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OLFAR at International Astronautical Congress

Submitter: David Smith
Description: Every year, the International Astronautical Federation (IAF), together with the International Academy of Astronautics (IAA) and the International Institute of Space Law (IISL), holds the International Astronautical Congress (IAC). This year it was held in Naples over the period 1 to 5 October, hosted by the Italian member of the IAF.

ASTRON, along with her partners of TU Delft, University of Twente, AEMICS, AXIOM IC, Dutch Space, SystematIC, ISIS and Texas Instruments has been manning a booth to promote their various research projects, including Orbiting Low Frequency Antennas for Radio Astronomy (OLFAR). Two employees of ASTRON took part in this, namely Mark Bentum and David Smith. Their contribution to the OLFAR project centres around the calibration and imaging systems.

Radio observations at frequencies in the range of 0.3 to 30 MHz are of considerable scientific interest. The key scientific drivers include the study of the dark ages and the epoch of re-ionisation (EoR), and the mapping of a tomographic view of the interstellar medium. However, the earth-based detection of astronomical radio waves at these frequencies is severely hampered by the ionosphere and by Radio Frequency Interference (RFI). Hence, the range below 30 MHz is one of the last unexplored frequency ranges in astronomy.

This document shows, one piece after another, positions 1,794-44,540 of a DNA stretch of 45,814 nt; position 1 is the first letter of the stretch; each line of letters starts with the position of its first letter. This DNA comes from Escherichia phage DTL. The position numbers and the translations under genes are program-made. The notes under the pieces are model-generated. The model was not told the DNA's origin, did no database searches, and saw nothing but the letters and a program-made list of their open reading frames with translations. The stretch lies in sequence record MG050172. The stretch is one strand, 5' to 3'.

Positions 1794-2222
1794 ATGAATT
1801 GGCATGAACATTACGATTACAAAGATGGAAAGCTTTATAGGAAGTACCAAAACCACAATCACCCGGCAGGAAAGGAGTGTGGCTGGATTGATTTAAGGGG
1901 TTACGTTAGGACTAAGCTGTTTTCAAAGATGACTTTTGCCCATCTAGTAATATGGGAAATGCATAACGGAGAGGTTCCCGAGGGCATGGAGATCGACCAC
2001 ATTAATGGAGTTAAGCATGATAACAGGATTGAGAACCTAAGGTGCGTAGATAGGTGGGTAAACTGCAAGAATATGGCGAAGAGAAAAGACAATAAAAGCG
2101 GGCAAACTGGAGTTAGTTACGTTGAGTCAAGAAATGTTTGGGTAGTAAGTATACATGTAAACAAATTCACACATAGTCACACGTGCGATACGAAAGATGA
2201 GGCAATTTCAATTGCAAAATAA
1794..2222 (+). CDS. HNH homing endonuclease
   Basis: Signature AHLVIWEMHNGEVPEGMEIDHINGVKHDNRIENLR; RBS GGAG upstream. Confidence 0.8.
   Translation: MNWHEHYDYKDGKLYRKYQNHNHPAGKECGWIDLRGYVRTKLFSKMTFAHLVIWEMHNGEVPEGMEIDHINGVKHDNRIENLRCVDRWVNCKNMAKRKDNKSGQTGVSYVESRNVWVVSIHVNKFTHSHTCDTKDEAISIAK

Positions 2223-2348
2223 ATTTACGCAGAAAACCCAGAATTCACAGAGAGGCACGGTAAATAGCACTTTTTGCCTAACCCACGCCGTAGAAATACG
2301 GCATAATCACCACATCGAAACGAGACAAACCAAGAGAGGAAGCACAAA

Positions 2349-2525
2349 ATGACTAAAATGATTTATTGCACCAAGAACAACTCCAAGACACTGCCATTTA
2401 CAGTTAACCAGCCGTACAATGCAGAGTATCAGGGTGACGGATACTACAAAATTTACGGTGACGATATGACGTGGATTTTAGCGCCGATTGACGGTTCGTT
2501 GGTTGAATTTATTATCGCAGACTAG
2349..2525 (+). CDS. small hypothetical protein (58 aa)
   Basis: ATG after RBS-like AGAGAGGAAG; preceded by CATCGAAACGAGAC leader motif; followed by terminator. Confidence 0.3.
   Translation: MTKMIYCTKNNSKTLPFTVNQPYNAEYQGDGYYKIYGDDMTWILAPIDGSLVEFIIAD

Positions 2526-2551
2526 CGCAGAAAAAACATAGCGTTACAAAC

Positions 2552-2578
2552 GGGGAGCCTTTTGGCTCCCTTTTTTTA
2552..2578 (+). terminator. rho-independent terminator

The OLFAR project is a feasibility study for a low-frequency radio telescope in space. The OLFAR array will consist of a swarm of more than ten scalable and autonomous "nano" satellites. These will be spread over a virtual sphere with a diameter of 100 km, emulating a large radio dish. Each satellite observes the radio sky and communicates the data to all the others, for distributed correlation.

The image shows a 3D Simulation of a single OLFAR satellite, plying its lazy trade somewhere in the vicinity of the Moon. The six antenna form three mutually perpendicular dipoles, which together cover the entire sky in both polarizations.
Copyright: Mark Bentum, Alex Budianu, Steven Engelen, Raj Thilak Rajan, David Smith and Teo Willink Castro
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